George Luks, a realist painter associated with Robert Henri and the Ashcan school, chose the crowded streets of New York City, and the urban and rural poor as his subjects. He is noted for his broadly-brushed paintings of miners, elderly women, immigrant children, and wrestlers (see 45.9). In a lesser-known chapter of his life, Luks painted more than a dozen oils and watercolors during an extended visit to Boston in 1922 and 1923. He was the guest of a former student, Margarett Sargent McKean, a cousin of John Singer Sargent and an aspiring artist. Margarett Sargent had been an apprentice of sculptor Gutzon Borglum in 1917, when she met Luks and began to study painting with him. By the late 1920s, she was painting strikingly modernist oils and began to exhibit her work at Kraushaar Galleries in New York.
In 1922 Luks, fresh from a sanitarium where he was recovering from a bout with alcohol and recently divorced from his second wife, visited Sargent. By this time she was married to Quincy Adams Shaw McKean, a private banker in Boston. She later recalled that Luks had come to visit her for a weekend, but had stayed for almost a year. Not only did McKean provide living quarters for Luks, she also allowed him the use of her studio at 30 St. Botolph Street and organized an exhibition of his work in her summer home in Beverly, Massachusetts.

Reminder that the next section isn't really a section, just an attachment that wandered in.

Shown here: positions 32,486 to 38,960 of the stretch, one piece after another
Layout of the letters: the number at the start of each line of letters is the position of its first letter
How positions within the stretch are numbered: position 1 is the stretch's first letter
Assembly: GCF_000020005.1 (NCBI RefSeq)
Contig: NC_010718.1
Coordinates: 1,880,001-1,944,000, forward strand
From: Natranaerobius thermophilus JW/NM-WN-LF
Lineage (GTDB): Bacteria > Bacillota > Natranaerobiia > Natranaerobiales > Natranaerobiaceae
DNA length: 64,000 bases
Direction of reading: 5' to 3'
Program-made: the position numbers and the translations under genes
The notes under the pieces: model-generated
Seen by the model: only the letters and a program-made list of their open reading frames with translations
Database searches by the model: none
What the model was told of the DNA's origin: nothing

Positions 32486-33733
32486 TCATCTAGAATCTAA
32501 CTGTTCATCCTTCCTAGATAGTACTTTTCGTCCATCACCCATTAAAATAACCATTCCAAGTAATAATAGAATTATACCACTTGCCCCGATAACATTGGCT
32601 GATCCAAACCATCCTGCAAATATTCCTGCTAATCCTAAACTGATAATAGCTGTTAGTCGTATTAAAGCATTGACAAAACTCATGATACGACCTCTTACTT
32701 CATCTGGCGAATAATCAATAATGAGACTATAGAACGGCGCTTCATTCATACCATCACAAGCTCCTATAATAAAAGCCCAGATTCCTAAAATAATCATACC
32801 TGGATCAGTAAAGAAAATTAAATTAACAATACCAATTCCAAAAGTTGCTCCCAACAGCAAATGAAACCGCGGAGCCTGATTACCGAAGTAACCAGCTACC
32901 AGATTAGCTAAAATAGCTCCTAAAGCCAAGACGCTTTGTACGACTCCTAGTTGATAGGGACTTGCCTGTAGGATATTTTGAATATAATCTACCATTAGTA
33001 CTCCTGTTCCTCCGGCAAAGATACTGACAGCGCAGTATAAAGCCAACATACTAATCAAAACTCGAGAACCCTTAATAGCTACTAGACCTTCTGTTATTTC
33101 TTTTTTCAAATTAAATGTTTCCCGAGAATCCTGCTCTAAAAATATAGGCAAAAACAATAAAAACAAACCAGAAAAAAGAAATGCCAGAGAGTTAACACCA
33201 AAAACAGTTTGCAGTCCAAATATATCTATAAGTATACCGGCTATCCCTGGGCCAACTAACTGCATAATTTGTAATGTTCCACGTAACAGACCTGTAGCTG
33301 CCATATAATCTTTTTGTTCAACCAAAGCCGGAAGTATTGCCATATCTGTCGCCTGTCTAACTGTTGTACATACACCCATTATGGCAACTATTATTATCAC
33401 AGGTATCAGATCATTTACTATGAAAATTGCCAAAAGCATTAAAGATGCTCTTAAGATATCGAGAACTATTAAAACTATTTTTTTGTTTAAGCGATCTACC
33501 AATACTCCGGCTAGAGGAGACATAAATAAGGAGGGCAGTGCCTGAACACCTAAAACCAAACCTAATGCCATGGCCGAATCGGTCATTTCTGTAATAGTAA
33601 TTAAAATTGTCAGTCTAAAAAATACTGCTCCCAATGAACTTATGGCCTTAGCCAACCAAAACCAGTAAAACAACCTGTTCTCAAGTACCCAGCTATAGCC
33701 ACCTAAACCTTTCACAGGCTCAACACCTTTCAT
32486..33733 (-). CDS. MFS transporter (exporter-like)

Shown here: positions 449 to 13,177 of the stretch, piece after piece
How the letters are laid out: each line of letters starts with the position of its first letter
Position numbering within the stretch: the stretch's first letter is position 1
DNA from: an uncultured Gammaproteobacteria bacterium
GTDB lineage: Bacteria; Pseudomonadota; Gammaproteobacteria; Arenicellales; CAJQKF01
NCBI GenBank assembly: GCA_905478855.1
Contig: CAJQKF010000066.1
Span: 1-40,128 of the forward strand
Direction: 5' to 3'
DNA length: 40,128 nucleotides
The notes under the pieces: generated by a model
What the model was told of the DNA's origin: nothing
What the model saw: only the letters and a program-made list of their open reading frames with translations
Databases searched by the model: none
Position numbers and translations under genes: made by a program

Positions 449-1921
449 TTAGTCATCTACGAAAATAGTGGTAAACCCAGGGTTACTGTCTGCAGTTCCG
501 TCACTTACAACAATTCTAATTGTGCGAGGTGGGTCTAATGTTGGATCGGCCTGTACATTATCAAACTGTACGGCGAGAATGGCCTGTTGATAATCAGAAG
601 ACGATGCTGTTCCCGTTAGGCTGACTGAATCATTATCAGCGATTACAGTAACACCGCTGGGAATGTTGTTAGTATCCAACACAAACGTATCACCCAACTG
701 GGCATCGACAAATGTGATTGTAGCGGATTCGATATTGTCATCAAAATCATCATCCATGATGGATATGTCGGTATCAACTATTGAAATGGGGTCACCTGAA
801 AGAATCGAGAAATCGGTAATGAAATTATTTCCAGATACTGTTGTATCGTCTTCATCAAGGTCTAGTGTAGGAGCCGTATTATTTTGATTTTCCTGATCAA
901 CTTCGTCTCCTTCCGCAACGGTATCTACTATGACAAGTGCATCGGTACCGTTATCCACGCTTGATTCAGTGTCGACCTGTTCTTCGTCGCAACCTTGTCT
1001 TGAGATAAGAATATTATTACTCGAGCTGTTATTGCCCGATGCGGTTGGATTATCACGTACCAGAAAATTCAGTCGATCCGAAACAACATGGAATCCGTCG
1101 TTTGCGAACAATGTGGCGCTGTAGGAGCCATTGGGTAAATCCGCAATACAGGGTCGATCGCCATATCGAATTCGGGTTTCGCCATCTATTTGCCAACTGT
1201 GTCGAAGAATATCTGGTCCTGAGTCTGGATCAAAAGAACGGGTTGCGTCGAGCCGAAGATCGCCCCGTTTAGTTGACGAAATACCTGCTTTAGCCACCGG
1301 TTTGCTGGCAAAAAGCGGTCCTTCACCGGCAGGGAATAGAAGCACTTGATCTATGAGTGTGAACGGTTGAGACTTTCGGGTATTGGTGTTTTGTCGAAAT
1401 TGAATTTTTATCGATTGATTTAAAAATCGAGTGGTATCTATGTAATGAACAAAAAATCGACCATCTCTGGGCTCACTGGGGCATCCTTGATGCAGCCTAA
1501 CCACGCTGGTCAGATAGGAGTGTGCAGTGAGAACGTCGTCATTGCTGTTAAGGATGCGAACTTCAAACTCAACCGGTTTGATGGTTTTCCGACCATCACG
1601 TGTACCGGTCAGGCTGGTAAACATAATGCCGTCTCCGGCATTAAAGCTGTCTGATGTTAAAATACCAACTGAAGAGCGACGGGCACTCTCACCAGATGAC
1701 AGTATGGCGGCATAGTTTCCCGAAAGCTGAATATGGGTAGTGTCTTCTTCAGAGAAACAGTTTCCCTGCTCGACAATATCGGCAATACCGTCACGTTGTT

McKean remembered that Luks disdained the Boston painters who remained in their prim studios painting hired nude models. He exclaimed, “Why didn’t they look at Beacon Hill, Commonwealth Avenue, the Swan Boats, fruit vendors on Charles Street, the squalor of St. Botolph Street and the vigorous L. Street Brownies?” (Margarett Sargent McKean, “George Luks,” Boston: Joan Peterson Gallery, 1966, brochure in MFA American paintings files). Luks threw himself into painting these subjects in Boston (see 60.538 and 1979.263). In “Noontime, St. Botolph Street, Boston,” he depicted the scene outside Margarett’s studio at midday when the shadows cast by the awnings were very pronounced against the old-fashioned bow-front facades of the buildings. These elliptical bays protruding from the structures on St. Botolph Street and elsewhere in the Back Bay and the South End were constructed beginning in the 1840s. They were peculiar to Boston and almost unknown in Luks’s New York City. St. Botolph Street is situated between the Back Bay and South End sections of Boston. Laid out in the early 1880s, St. Botolph Street initially attracted middleclass residents. By the early 1920s when Luks was painting in the area, most of the middleclass families had moved to the suburbs, the neighborhood had become more Bohemian, and many of the townhouses had been turned into lodging houses.
In addition to painting the striped awnings against the yellow- and red-brick facades on St. Botolph Street, Luks also included an iceman carrying a block of ice with tongs. To the left is probably a part of the ice wagon’s wheel. Before refrigerators were introduced into most homes in the 1930s, food was stored in iceboxes, and blocks of ice were delivered door to door by an iceman. Luks’s inclusion of this unglamorous figure was typical of the Ashcan school artists, who made working people, from longshoremen to scrubwomen, the subjects of their pictures. Luks painted a related work entitled “St. Botolph Street,” depicting women sitting on their stoops socializing on a summer’s evening (“Skinner: American and European Paintings,” May 8, 1998, lot 220).
Margarett Sargent McKean and her husband acquired many of Luks’s Boston paintings, including “Noontime, St. Botolph Street, Boston.” In 1960 the Museum purchased two of Luks’s Boston pictures, the present painting and “View of Beacon Street from Boston Common” (60.538).